The interaction of the two groups resulted in Bahima in Uganda and Batutsi in Burundi and Rwanda dominating and subjugating Bairu and Bahutu economically, socially and politically (B. A. Ogot 1976). In exchange for protection, Bairu produced foodstuffs including drinks for the aristocratic class and free labor including carrying the pastoralists – men and women – in litters. That is how the process of impoverishment, marginalization, domination and abuse of Bairu human rights set in to the present day in 2010.
Abuse of Bairu human rights
Bairu have been abused by Bahima and their cousins in many ways. According to article I of the Universal Declaration of Human Rights (1948) “All human beings are born free and equal in dignity and rights. They are endowed with reason and conscience and should act towards one another in a spirit of brotherhood”.
When one group refers to another one as slave, inferior, cultivator and worthless (one Muhororo in Ntungamo district is worth 1000 Bairu), you have a violation of human rights. When one individual canes or slaps another one with impunity for laziness or sloppiness or for choosing one candidate over another that is a grave abuse of human rights.
In Rujumbura county of Rukungiri district, people have been short dead or wounded for expressing their political rights, students have been killed or wounded for demanding adequate and better food, people have committed suicide because they cannot raise tax money because of abject poverty and do not want to be tortured in jail. I could go on.
Further, in Rukungiri Bairu are graduating from university but cannot find remunerative jobs or one at all. Bairu are being hoodwinked to sell their land to the wealthy class with a high probability of their ending on the streets as beggars. Bairu are having their agricultural produce taxed so much that are being discouraged and are reverting to subsistence agriculture. Bairu junior leaders cannot faithfully present grievances of the people they represent for fear of losing their jobs. These are serious human rights abuses in the 21st century.
The issue of intermarriage
This has unnecessarily become a controversial topic. I had thought everyone would welcome the two way interethnic unions, not one group of men marrying women from another group without reciprocity. Bairu and Bahutu men are increasingly marrying Bahima, Bahororo and Batutsi women but Bahima, Batutsi and Bahororo men are staying away from Bahutu and Bairu women under the pretext that marriage is a private and indivual matter.
But Bahima, Batutsi and Bahororo men regularly have sex with Bahutu and Bairu women for pleasure. Isn’t this a classic case of the powerful exploiting the weak and voiceless with impunity and therefore a violation of human rights? What else would you call it? Wouldn’t you feel bitter to see your aunt, sister, daughter, cousin or niece etc abused in this way? Here are some illustrative examples and tell me how you would feel if one of them was your relative
(1) In Rwanda “unmarried Tutsi boys would be given Hutu girls, temporarily, for sexual purposes. Intermarriage occurred, but usually with successful Hutu men marrying Tutsi women. Tutsi men would take Hutu women as concubines, rather than marrying them” (N. J. Kressel 2002). Further, in Rwanda when a Hutu raped a Tutsi woman the sentence was death. When a Tutsi raped a Hutu woman the matter was negotiated and settled perhaps through compensation (J. L. Gibbs1965).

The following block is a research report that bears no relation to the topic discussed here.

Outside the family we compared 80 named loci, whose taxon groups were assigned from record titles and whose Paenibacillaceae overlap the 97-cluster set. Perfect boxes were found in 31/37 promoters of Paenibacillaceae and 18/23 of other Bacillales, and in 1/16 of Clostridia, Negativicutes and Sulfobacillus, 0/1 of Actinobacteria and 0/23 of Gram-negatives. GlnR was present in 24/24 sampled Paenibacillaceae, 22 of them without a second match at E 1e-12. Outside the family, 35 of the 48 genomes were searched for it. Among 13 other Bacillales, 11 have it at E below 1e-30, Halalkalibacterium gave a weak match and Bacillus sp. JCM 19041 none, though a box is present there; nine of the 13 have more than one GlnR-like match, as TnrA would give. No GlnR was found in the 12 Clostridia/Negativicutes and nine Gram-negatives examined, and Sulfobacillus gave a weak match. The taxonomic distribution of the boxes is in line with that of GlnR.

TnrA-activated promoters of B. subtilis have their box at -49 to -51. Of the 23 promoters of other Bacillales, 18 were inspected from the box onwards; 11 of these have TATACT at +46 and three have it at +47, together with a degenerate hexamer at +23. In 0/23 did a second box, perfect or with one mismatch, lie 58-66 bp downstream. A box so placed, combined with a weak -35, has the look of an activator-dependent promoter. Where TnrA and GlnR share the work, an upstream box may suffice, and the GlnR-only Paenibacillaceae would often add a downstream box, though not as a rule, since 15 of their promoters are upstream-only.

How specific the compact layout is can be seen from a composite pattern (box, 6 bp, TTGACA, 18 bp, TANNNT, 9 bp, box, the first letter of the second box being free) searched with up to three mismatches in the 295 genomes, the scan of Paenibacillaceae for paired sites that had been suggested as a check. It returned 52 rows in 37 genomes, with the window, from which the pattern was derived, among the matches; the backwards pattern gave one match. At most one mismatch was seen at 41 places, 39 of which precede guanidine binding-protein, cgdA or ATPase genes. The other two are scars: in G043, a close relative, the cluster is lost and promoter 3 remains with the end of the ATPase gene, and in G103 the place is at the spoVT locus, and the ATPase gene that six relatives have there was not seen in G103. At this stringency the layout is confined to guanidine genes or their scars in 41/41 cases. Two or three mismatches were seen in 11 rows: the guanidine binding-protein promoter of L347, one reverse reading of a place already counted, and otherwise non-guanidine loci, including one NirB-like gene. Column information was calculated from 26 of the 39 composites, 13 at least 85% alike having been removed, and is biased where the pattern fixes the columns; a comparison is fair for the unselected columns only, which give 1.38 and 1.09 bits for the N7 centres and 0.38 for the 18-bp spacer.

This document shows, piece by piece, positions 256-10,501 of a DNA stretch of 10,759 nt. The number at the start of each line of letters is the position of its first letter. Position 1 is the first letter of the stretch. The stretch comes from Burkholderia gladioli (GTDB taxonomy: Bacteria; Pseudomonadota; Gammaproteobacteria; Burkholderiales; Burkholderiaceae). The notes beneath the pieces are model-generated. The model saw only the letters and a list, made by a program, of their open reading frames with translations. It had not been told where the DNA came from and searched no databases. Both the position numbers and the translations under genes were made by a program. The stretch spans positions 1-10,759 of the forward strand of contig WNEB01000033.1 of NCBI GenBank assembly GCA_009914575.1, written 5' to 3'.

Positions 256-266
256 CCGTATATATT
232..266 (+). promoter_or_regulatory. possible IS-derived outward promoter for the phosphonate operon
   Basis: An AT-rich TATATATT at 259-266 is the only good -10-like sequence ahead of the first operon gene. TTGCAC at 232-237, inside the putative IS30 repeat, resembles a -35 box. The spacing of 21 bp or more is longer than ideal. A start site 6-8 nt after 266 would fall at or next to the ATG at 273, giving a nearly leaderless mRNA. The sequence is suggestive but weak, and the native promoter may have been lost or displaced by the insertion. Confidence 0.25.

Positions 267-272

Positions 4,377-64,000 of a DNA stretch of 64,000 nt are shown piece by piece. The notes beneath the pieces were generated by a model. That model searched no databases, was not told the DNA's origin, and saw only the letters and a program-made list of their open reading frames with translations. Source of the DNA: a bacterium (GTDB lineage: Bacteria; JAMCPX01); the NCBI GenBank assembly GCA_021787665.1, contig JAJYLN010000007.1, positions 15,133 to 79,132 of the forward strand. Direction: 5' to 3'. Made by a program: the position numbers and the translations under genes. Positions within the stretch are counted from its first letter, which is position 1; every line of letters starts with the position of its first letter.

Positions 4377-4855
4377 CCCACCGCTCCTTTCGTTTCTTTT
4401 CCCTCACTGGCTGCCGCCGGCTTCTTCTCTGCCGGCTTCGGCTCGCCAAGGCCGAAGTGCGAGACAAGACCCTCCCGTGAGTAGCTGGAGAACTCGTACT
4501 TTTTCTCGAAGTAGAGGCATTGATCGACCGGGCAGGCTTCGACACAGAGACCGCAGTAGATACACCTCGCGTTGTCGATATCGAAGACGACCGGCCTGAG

(2) In Ankole, in spite of the prohibition of intermarriage, miscegenation was common. “Bairu concubines were especially common among Bahima chiefs and gave rise to a class of half-castes known as Abambari” (R. Mukherjee 1985). The chiefs would disown the children. The two illustrations represent a clear case of the violation of Article I of the 1948 Universal Declaration of Human Rights referred to above.
(3) In Eastern DRC many Hutu men have married Tutsi women and become Tutsi or ‘Tutsized’ but Banyamulenge have remained pure Tutsi (H. Adelman & A. Suhrke 2000).
Interethnic interaction through diplomacy
There was reference to diplomacy as a method of interethnic collaboration. The evidence at my disposal does not lend support to this view. In Rwanda where Tutsi wielded total political and economic power, the enemies including Hutu were slaughtered and the victims’ testicles decorated the king’s drum which was his symbol of authority (J. Reader undated).
In Ankole “In their internecine wars the Hima aristocracy must have destroyed during the last fifty years a quarter of a million people according to native accounts” (M. R. Davie 1929, 2003). Additionally, in Nkore Bahima fought a very successful campaign against Rwanda in the early 1890s and pushed their campaign with massive but less successful raid into Rujumbura. The campaigns were described as necessary so that Bahima could capture cattle to recover from the disastrous rinderpest outbreak (G. N. Uzoigwe 1982).
In Rujumbura Miranda, Prime Minister, led Makobore’s army which crushed rebellions waged by indigenous people (Paul Ngorogoza 1998). Makobore described as a restless man also employed Arab slave and ivory hunters in his raids against Butumbi and Kayonza. “The important social effect of the coming of the coastal traders on the peoples of south-western Uganda was arms trade. Weaker societies were raided for slaves while interstate warfare became rampant (B. A. Ogot 1976, Paul Ngorogoza 1998) implying that Makobore and his army participated in slave trade. This was not diplomacy, it was naked warfare!
To conclude, as I mentioned at the start of this article more references and evidence are contained in my books and blog. If Ms. Kesaasi and those who shared her views in part or as a whole are not satisfied the onus is on them to investigate and produce evidence that refutes what I have outlined above.